A teenager recently developed an app that allows users to use their computers instead of their phones - and Instagram is not happy about it.
A Los Angeles high school is in for the fight of his life. Caleb Benn developed an app that has been gaining ground: it's called Uploader, and it is a service that many fans of the Instagram app have been asking for. The app allows its users to upload photos from their computers, which allows for higher resolution edits of images. Benn took about a weekend to build the app and has been selling in the Apple Store for a few weeks. So popular, in fact, that he's earning nearly $1,000 a day on the $4.99 app.
Instagram does not like the app, and said that the app violated the company's terms of service. An engineer for Instagram warned Benn via email that he needs to get the app fixed by Monday. Benn responded that the proposed "fixes" would actually make his app useless, but he hasn't heard back and Instagram is not commenting on the situation.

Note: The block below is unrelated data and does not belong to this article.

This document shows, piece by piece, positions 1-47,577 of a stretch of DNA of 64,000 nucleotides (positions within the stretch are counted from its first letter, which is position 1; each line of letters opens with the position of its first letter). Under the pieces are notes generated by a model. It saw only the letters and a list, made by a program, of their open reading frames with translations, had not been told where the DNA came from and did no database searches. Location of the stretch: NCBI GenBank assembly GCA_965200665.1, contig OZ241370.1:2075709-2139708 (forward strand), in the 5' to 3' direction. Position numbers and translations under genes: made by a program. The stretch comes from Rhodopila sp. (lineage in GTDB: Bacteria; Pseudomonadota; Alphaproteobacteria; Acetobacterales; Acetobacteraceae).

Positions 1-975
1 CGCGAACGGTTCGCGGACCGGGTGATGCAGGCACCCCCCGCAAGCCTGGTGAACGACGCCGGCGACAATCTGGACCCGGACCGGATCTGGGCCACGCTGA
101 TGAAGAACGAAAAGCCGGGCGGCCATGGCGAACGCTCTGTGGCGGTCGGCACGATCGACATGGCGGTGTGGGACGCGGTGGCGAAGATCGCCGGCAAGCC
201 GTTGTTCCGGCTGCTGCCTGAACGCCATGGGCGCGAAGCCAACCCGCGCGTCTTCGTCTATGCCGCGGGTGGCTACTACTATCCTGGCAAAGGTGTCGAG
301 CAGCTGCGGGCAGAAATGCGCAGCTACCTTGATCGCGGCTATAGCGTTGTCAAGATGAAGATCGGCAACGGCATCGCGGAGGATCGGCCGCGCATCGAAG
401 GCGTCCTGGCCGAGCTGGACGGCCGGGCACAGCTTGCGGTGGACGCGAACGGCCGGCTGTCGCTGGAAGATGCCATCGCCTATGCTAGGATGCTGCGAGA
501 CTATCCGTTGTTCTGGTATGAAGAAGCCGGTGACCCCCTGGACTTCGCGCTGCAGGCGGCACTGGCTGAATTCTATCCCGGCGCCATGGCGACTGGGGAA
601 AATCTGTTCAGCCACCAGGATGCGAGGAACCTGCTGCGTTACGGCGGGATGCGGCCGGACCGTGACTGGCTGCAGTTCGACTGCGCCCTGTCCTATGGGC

Instagram is owned by Facebook, which has restrictions against those not employeed by either program from using its private API, which Benn's new app does use. He admits to hacking the API through Instagram, but he did nothing malicious while there.
CNN Money predicts that the app will be shut down because Instagram's market is those who own smartphones, and they fear opening it up that way would cause fewer people to use the app on a regular basis - think Facebook and Twitter when more adults started using it. Plus it could lead to more edits, which would take away from the tone of the app.
Instagram has not yet asked Apple to remove the program, but Benn insists that those who already have the program would still have access to it even if they did.
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Many lawyers are encouraging Benn to take the app down himself, as there is virutally no chance he could win in court, if it gets that far.